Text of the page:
MARCH 26, 2004
Macromedia Director MX 2004
The deposed King of Interactive Authoring Applications returns from the wilderness
Kevin Schmitt
Page 2 of 4

DVD-Video
The "much-needed shot of extra relevancy" I alluded to earlier certainly applies to one of the biggest new features in DMX04—the ability to play and interact with DVD-Video. At first glance, I was a little skeptical that DVD-Video was anything worth crowing about, but the more I think about it, the more excited I get about where Director is headed. Let me paint a picture here: you've just brought home [insert name big-studio movie here] on DVD, and noticed that it has enhanced content on the DVD ROM portion of the disc. You pop it into your computer, and if you're on the Mac, you'll probably get miffed because you can't get at the stuff you just bought since it's not Mac-compatible. Or, if you're on Windows, maybe you're not real keen about having to install some custom DVD player that may or may not wreak havoc on your system. DMX04's DVD-Video feature has the potential to change all of that, provided developers choose to author their DVD ROM content for cross-platform playback with Director. Titles could conceivably be "equally abled" on both Mac and Windows boxes, and Projectors can be launched directly from the DVD without requiring a separate install. I'm hoping DVD authors out there are paying attention.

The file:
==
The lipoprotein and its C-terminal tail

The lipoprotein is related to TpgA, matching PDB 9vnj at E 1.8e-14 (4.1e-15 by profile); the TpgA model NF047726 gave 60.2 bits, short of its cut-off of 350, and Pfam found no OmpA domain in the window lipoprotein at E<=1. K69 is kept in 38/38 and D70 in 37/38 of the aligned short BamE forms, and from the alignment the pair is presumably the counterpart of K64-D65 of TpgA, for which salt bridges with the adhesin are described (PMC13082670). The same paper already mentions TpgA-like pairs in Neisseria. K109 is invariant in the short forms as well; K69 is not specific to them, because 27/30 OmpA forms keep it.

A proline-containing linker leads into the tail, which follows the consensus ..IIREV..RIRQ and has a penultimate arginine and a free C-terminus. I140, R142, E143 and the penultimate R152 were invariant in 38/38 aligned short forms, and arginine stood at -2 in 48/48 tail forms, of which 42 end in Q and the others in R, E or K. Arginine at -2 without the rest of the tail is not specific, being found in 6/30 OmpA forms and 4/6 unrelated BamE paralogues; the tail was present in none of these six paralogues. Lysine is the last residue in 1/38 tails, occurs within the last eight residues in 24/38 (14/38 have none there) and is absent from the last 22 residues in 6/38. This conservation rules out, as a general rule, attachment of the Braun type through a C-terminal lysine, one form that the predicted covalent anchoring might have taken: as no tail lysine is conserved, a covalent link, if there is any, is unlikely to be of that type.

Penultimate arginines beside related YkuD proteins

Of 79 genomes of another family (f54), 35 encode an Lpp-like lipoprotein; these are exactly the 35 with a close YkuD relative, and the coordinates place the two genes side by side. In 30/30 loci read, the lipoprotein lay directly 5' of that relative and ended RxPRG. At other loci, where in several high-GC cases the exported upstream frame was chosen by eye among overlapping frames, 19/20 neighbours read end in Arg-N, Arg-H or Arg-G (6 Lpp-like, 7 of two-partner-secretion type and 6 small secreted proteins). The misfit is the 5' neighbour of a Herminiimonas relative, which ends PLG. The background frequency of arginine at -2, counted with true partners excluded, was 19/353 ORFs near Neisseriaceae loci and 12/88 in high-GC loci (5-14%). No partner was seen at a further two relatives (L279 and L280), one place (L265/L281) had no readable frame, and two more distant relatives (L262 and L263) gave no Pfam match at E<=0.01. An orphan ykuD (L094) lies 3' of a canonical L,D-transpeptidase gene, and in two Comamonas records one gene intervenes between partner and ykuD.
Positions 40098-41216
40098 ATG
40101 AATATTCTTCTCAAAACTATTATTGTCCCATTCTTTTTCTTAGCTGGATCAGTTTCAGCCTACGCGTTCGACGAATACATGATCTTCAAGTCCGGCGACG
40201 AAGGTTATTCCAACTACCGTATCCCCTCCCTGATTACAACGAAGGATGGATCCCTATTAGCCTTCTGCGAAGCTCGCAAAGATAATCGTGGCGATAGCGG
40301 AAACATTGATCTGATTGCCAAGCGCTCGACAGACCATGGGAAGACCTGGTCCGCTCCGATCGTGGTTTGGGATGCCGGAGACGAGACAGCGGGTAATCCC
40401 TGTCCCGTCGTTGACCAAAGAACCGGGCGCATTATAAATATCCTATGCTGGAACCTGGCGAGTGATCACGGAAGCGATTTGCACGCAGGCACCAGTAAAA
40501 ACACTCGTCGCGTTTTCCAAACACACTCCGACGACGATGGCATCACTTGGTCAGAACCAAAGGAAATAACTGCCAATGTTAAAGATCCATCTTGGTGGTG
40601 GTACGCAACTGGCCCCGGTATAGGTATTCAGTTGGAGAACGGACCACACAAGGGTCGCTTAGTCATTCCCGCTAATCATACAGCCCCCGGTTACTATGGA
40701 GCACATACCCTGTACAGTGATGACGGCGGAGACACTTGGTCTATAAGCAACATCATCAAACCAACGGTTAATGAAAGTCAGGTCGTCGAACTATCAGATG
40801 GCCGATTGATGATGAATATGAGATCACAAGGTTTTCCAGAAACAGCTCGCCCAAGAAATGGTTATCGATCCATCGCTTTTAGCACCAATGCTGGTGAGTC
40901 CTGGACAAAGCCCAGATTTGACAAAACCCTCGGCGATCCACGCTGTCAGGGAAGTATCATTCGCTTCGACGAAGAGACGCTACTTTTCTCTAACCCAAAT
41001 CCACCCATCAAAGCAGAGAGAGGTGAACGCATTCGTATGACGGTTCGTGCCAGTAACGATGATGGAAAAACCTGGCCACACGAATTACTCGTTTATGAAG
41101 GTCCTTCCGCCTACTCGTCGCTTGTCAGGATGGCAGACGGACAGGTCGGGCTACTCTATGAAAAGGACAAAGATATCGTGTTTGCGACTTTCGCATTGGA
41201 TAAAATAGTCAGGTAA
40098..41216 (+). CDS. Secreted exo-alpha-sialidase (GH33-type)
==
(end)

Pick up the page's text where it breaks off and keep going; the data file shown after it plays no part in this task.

Here's how DVD-Video works in DMX04: first, you either pop in a DVD or mount a DVD image stored on your hard drive, which enables DVD asset additions into your movie (fig. 5). Director uses its own embedded DVD player, and you can navigate around the DVD the way you would in your usual player. Give the asset a name, and your DVD-Video shows up in the Cast as a regular ol' Member, which you can place in your movie and manipulate as you would anything else.

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Fig. 5: Your very own DVD player, right in Director.

Of course, having DVD-Video in your movie isn't much good without a way to add interactivity (which is what Director is around to do in the first place, after all). From the included, full-featured DVD Controller component (fig. 6), to a slew of Lingo commands just for DVD (fig. 7), you've got plenty of options for coders and non-coders alike. Macromedia has even included an Xtra called the DVD Event Manager, which is an interactive tool that allows you to set overall DVD playback options (fig. 8) as well as define trigger points and assign actions such as loading HTML pages and executing Lingo code to those triggers (fig. 9).


Fig. 6: The DVD Controller is actually a Flash Component that you can drag and drop into movies along with your DVD-Video Castmember.


Fig. 7: There's no shortage of DVD-specific Lingo.


Fig. 8: Step one of the DVD Event Manager—general DVD playback options.


Fig. 9: Step two of the DVD Event Manager—defining triggers and actions.

As far as publishing goes, at the end of the process you can output to a Projector or a Shockwave movie that you can include on the DVD ROM portion of a hybrid DVD. Again, the potential is there for an identical experience for DVD ROM content for Mac and Windows users alike, and I'll again offer my hope that more DVD publishers will take note of what DMX04 can do in the DVD area.



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